Following the principals of crowd funding (e.g. crowd vetting, all or nothing funding, small dollar investments, community forum for knowledge sharing), allow SEC registered Internet platforms to offer limited offerings for entrepreneurs and small businesses (small businesses being defined as less than $5 million annual gross income). The window will allow for a maximum capital raise of $1M from micro-angels (capped ...more »
Small and medium sized enterprises (SMEs) currently face federal and state securities regulations that not only make it difficult to raise money, but in fact often outright interfere with that objective. That is why one of the most popular ideas presented on this website concerns "crowd funding", the most commonly raised issue at the Roundtable I attended in Palo Alto. The need for a crowd funding like solution is symptomatic ...more »
Make health insurance & benefits as affordable to small startups as it is to larger, well-established companies. Allow either a government-sponsored and/or private consortium to pool the risk amongst several startups and collectively package their underwriting risk for health insurers and other group benefits offerings. Remove one of the fundamental risks of leading or joining a startup -- loss of basic affordable benefits ...more »
At present our public libraries have been rendered mostly irrelevant. Aside from helping those without technology access and providing an after school safe haven for "lock key kids," their usefulness is limited. But it doesn't need to that way. Imagine libraries being a place where entrepreneurs and students could collaborate. Create "incubation pods" in libraries complete with technology and business support material ...more »
Currently, start-up companies trying to raise money through innovative crowdfunding sites are treated under the same rules as those with conventional public offerings.
I suggest exempting securities offerings up to $100,000 with $100 maximum per investor from current SEC regulations.
Problem: Student loan payments prevent many would-be entrepreneurs from being able to afford the attempt to be an entrepreneur. Solution: Provide an "entrepreneurial deferment" loan program. In a deferment program, allow a recent graduate to make interest-only payments or defer all payments for some period of time, should they elect to pursue entrepreneurship. In order to continue the benefit beyond two years, the ...more »
Imagine if you had access to a "Start-Up Concierge." This person would 'hand hold' you and your start-up through the regulatory processes and permits. Your concierge would actual be one of a network throughout multiple federal, state and local jurisdictions. Their goal would be to bring as many new businesses on line in the shortest amount of time. The "Start-Up Concierge" is not the gatekeeper, but rather the locksmith ...more »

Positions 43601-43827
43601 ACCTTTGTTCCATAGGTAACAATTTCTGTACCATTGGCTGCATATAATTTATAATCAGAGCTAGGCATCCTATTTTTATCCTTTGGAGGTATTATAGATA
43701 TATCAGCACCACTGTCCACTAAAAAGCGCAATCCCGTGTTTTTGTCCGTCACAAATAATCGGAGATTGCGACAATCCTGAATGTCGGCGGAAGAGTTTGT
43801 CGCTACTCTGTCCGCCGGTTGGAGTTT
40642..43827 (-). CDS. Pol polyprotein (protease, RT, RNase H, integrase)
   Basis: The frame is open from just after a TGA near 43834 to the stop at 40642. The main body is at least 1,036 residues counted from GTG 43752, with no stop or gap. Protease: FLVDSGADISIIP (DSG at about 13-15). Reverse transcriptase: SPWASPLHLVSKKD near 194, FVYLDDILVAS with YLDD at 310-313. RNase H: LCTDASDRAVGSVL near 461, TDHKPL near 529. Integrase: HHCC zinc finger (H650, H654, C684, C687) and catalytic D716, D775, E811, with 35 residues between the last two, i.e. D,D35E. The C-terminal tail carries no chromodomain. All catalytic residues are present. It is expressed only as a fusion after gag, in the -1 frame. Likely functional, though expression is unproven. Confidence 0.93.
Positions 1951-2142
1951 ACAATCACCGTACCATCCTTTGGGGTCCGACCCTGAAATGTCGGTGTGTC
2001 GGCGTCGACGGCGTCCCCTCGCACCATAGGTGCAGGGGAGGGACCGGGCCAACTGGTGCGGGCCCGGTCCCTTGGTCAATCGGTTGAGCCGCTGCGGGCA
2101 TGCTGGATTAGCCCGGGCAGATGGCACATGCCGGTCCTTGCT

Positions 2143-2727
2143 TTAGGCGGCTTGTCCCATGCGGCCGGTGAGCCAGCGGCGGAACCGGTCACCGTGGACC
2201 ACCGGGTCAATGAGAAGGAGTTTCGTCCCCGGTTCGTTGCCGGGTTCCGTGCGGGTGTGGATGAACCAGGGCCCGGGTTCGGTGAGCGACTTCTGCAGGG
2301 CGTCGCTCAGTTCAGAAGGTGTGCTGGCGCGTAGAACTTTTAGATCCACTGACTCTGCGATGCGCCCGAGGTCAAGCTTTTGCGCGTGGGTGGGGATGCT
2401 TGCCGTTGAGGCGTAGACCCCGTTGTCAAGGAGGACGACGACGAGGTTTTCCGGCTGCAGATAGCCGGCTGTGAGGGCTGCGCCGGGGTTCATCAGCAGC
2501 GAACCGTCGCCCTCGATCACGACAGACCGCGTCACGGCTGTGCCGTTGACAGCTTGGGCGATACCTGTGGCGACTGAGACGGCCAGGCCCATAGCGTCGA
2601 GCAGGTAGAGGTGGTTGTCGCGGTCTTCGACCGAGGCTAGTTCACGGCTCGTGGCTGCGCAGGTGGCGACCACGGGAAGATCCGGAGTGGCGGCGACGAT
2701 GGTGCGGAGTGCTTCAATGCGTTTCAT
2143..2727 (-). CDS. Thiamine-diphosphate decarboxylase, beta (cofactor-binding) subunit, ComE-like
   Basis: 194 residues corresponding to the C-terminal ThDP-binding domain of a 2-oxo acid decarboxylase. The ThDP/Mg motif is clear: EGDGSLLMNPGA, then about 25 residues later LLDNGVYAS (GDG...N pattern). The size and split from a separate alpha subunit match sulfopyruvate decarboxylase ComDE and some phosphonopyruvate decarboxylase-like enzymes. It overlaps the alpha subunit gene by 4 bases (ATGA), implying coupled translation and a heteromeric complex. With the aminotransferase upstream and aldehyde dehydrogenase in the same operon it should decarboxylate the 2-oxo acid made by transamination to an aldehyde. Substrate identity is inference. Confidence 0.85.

Make Entrepreneurship a part of the EDUCATION standards in America.
We don't have enough jobs - teach students how to run a business, make it fun, they should know how to make a living themselves. Too many college and high school kids think when they are done with school they go hunting for jobs - teach them to make their own living.
Then offer free training via service providers like the SBA.
Open the playing field (and support) for *all* startups whether they are high-growth or not. Growth is NOT the only pathway to success. And, one million companies hiring two people in their first year of business is more powerful and less susceptible to economic shifts than a handful of companies hiring the same amount of people.
Reduce the hurdles to obtain an SBA loan. The current process is nearly impossible to navigate and the sponsoring banks don't seem to want to help. You can qualify for a $50k car in an afternoon yet it takes weeks or months to qualify for the same SBA loan. Lack of access to capital kills great ideas every day. Technology fields specifically need to move fast or we end up watching our competition (other countries) ...more »
Connect with local governments to take over public schools, libraries, etc. which have 'gone out of business'. These large buildings can be great incubators for start-ups. Companies get a 'classroom' or a 'shared classroom', there are workout facilities a cafeteria, etc. Better than leaving these community buildings empty and open to vandalism.
There are many people that have no idea where to begin when it comes to finding investors and many potential private investors that have no clue where to find great ideas to invest in. To help solve this problem the Federal Government could create a central website where private investors can be paired with entrepreneurs, inventors and idea makers. The Federal Government could also provide incentive for private investors ...more »